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Author Topic: Thoughts or Rebuttals?  (Read 4590 times)

Offline hjon71

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Quite difficult matters can be explained even to a slow-witted man, if only he has not already adopted a wrong opinion about them; but the simplest things cannot be made clear even to a very intelligent man if he is firmly persuaded that he already knows, and knows indubitably, the truth of the matter under consideration. -Leo Tolstoy

Offline Kathyp

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Re: Thoughts or Rebuttals?
« Reply #1 on: May 03, 2013, 11:39:50 am »
and they are doing it from passenger jets with chem trails!!

i read it.  followed the link to the PDF.  there is no way to evaluate the accuracy of what they have posted or the legitimacy of the PDF.  some wonk can unlayer it and take a look maybe.  i am not that wonk.  ;)

They are so divorced from their own interests that even when their own security and that of their children is finally compromised, they do not seek to avert the danger themselves but cross their arms and wait for the nation as a whole to come to their aid. Yet as utterly as they sacrifice their own free will, they are no fonder of obedience than anyone else. They submit, it is true, to the whims of a clerk, but no sooner is force removed than they are glad to defy the law as a defeated enemy. Thus one finds them ever wavering between servitude and license.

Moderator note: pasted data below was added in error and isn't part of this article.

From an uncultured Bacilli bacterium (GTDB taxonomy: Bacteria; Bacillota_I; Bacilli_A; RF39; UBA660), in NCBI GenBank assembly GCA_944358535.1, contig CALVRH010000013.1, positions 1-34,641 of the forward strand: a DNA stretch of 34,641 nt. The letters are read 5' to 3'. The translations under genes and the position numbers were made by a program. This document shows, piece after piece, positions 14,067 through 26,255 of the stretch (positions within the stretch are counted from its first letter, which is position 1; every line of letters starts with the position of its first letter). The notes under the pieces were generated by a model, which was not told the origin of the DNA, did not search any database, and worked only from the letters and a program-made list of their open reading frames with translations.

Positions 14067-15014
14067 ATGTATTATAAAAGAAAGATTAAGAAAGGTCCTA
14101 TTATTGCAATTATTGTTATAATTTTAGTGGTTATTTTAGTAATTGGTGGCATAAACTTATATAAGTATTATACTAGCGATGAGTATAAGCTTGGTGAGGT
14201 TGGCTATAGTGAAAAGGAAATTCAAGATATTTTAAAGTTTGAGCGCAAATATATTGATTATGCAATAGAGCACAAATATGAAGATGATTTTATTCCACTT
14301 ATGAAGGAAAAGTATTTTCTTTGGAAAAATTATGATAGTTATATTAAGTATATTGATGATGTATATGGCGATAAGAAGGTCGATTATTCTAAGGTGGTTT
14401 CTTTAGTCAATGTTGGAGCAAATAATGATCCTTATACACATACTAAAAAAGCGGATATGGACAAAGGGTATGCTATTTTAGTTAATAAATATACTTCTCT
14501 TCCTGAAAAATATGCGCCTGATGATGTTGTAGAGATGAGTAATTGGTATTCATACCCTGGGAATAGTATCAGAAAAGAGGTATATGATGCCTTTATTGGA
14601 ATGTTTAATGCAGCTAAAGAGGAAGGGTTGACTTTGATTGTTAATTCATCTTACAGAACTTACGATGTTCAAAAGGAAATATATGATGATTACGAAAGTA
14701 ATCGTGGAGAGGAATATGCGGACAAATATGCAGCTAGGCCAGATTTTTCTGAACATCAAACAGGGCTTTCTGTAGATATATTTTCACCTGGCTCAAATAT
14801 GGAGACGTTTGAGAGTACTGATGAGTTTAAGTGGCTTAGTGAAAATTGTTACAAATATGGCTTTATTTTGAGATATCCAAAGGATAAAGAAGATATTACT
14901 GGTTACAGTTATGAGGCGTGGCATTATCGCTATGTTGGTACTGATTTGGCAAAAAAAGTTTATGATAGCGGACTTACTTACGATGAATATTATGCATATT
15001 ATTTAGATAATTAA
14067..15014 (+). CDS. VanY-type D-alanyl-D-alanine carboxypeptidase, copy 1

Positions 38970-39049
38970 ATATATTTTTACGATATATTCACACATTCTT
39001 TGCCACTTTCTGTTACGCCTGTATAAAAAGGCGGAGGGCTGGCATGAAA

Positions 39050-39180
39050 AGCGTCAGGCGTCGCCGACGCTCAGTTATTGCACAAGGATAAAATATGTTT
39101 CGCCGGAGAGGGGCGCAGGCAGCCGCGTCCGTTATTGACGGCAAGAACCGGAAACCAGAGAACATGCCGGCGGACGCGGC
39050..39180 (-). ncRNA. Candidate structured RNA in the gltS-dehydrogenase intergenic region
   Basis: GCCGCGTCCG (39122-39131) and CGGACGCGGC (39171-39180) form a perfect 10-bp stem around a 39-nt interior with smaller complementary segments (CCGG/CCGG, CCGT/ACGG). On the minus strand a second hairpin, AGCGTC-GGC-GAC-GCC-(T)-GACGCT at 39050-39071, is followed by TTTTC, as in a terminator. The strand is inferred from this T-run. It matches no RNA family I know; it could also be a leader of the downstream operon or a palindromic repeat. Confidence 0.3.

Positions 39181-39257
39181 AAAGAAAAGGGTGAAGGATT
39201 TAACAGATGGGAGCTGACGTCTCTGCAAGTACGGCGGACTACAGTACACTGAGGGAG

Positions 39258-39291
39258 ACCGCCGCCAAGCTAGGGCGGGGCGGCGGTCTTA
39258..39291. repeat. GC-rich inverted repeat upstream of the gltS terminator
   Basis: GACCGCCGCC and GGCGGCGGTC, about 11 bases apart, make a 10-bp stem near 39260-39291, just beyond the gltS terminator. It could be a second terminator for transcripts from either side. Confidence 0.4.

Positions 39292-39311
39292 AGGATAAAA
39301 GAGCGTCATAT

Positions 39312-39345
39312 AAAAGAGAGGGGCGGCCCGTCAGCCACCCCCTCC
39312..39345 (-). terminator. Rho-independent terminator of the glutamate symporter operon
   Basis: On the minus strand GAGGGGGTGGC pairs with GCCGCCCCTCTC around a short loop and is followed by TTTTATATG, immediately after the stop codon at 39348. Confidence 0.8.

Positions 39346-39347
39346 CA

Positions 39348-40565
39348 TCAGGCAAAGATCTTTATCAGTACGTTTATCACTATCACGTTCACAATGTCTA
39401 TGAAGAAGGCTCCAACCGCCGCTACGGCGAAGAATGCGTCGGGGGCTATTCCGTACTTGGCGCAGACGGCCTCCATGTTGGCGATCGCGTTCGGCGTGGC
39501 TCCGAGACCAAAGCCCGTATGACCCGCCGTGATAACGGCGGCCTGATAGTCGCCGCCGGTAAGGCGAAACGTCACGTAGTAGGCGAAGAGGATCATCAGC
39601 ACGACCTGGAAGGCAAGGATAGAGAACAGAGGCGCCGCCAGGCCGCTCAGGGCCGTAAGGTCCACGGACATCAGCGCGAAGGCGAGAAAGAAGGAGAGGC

Alexis de Tocqueville

Offline melliferal

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Re: Thoughts or Rebuttals?
« Reply #2 on: May 09, 2013, 01:43:35 am »
What they have posted is largely inaccurate; firstly, the USDA programs are not "secret" and the documents never needed to be "uncovered" since they were public documents and posted on the USDA's website for all to access (it's like saying "my own investigation has uncovered startling facts about" a famous murder, where your "investigation" consisted of reading a CNN.com article about the murder).  However, the USDA program targeting birds would not explain massive kills in other countries such as Canada and Sweden, and nothing whatsoever proposed by this article implicates the USDA in any fish kills.  Further, the USDA did not indicate anywhere that the Beebe, Arkansas events were part of its blackbird-kill program, nor would it make sense for them to be poisoning birds only one single night out of the year.   But the article nevertheless begins by pinning all of these events on the USDA.

The USDA's approval of Imidacloprid may have been regrettably speedy but it was not "illegal".

And most egregious of all, the article uses clip-art of wasps to represent bees.  Unforgivable.

Recently moved; re-keeping in 2014.